I am not necessarily a fan of Stephen King. I think of his writing style as science fiction or horror, two genres that don’t really appeal to me. In the past I have read and enjoyed a few of his books and remember particularily liking “the Stand.”
I am very influnced by my friends and family who read and so when my aunt Terry, who is a huge fan of King, recommended I read his most recent novel I agreed.
I later realized it was 849 pages! But I really love Auntie Terry and so I committed.
I am glad I did.
While it was a very long book it had a very interesting plot about a time traveler who attempts to prevent the assassination of JFK which happened in Dallas on 11/22/63.
It is told in the first person by our hero, Jake Epping, a divorced high school English teacher. Jake is tipped off by his friend Al about a “rabbit hole” that takes you back in time. But here’s the catch: it always takes you back to the same date 9/9/1958 at 11:58 am. Oh, and when you return through that same rabbit hole the time in the present has only passed by 2 minutes, no matter how long you stayed in the past.
Jake makes a few attempts down the rabbit hole to test what happens and to see if his attempts to change the past really end up having happy endings. During his longest time in the past he ends up falling in love with the librarian at his school. It is during this time he also finds out that there are some “butterfly effects” of his time traveling and begins to understand that the past doesn’t really WANT to be changed.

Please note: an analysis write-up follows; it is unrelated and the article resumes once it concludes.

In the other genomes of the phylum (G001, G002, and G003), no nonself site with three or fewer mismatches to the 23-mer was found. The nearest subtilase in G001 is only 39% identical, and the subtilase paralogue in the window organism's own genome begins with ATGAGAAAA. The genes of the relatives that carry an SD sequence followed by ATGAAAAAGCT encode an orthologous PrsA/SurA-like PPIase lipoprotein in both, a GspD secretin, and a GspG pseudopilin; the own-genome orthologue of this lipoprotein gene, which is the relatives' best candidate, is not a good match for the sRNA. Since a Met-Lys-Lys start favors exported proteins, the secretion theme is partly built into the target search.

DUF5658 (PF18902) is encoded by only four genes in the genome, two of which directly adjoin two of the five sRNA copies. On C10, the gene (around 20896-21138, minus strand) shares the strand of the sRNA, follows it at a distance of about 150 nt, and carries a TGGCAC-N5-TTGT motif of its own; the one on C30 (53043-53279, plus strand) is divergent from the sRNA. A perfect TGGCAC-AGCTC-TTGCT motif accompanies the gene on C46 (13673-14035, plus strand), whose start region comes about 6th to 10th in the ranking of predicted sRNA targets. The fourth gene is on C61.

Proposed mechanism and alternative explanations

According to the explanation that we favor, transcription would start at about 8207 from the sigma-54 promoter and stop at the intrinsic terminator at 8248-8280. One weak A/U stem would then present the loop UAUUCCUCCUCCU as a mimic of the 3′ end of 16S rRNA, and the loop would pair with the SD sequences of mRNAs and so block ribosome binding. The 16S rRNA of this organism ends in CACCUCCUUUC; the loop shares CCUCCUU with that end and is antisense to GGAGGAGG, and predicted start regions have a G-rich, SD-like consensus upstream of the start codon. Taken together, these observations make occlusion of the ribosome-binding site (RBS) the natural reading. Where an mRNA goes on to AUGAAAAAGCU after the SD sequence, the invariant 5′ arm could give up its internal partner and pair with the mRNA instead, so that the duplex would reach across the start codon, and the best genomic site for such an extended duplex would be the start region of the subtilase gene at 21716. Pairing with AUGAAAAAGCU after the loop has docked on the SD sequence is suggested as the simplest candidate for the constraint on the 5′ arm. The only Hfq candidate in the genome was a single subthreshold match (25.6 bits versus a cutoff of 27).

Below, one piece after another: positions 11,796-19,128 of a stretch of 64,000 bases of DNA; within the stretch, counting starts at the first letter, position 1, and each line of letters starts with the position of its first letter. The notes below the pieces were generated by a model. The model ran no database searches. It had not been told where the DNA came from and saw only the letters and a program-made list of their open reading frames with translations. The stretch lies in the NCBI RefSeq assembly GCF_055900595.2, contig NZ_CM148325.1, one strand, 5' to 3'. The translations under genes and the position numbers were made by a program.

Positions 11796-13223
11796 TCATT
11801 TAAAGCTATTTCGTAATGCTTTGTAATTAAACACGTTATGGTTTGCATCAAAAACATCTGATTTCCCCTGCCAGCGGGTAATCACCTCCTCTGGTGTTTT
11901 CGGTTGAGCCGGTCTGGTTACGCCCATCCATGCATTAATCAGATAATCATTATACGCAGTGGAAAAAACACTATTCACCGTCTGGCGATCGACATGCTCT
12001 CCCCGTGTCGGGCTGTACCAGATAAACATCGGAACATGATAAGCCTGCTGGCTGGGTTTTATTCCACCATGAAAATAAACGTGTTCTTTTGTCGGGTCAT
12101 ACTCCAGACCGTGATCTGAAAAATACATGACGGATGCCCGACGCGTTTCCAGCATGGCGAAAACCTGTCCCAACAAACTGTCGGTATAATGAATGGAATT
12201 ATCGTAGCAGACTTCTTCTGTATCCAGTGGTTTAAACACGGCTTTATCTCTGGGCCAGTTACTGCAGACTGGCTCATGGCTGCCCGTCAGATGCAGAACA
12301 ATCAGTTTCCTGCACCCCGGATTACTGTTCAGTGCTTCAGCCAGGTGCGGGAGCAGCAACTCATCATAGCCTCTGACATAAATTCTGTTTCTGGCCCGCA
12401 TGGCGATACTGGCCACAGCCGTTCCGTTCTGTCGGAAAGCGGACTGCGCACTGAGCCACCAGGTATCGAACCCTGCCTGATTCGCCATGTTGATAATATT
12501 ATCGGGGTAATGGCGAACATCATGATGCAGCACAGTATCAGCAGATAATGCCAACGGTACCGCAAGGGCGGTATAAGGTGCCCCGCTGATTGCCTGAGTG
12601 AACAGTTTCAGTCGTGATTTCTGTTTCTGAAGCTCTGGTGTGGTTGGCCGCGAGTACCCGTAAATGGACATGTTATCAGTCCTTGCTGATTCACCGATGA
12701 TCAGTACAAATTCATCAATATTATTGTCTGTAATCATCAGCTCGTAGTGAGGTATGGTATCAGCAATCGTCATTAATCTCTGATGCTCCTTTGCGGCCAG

King did an amazing amount of research on JFK, Lee Harvey Oswald and the circumstances around the death of JFK. At times it gets to be too detailed but I found it held my interest. I was also very interested in his portrayal of life in the late 50’s and early 60’s. I realized how much life has changed not only by technology but by the progressive views of society.
This book is part sci fi and part historical fiction and King thought this novel may be a chance for him to gain some new readers. It worked for me. Thank you Aunt Terry. I am glad I invested the time in this long but interesting book.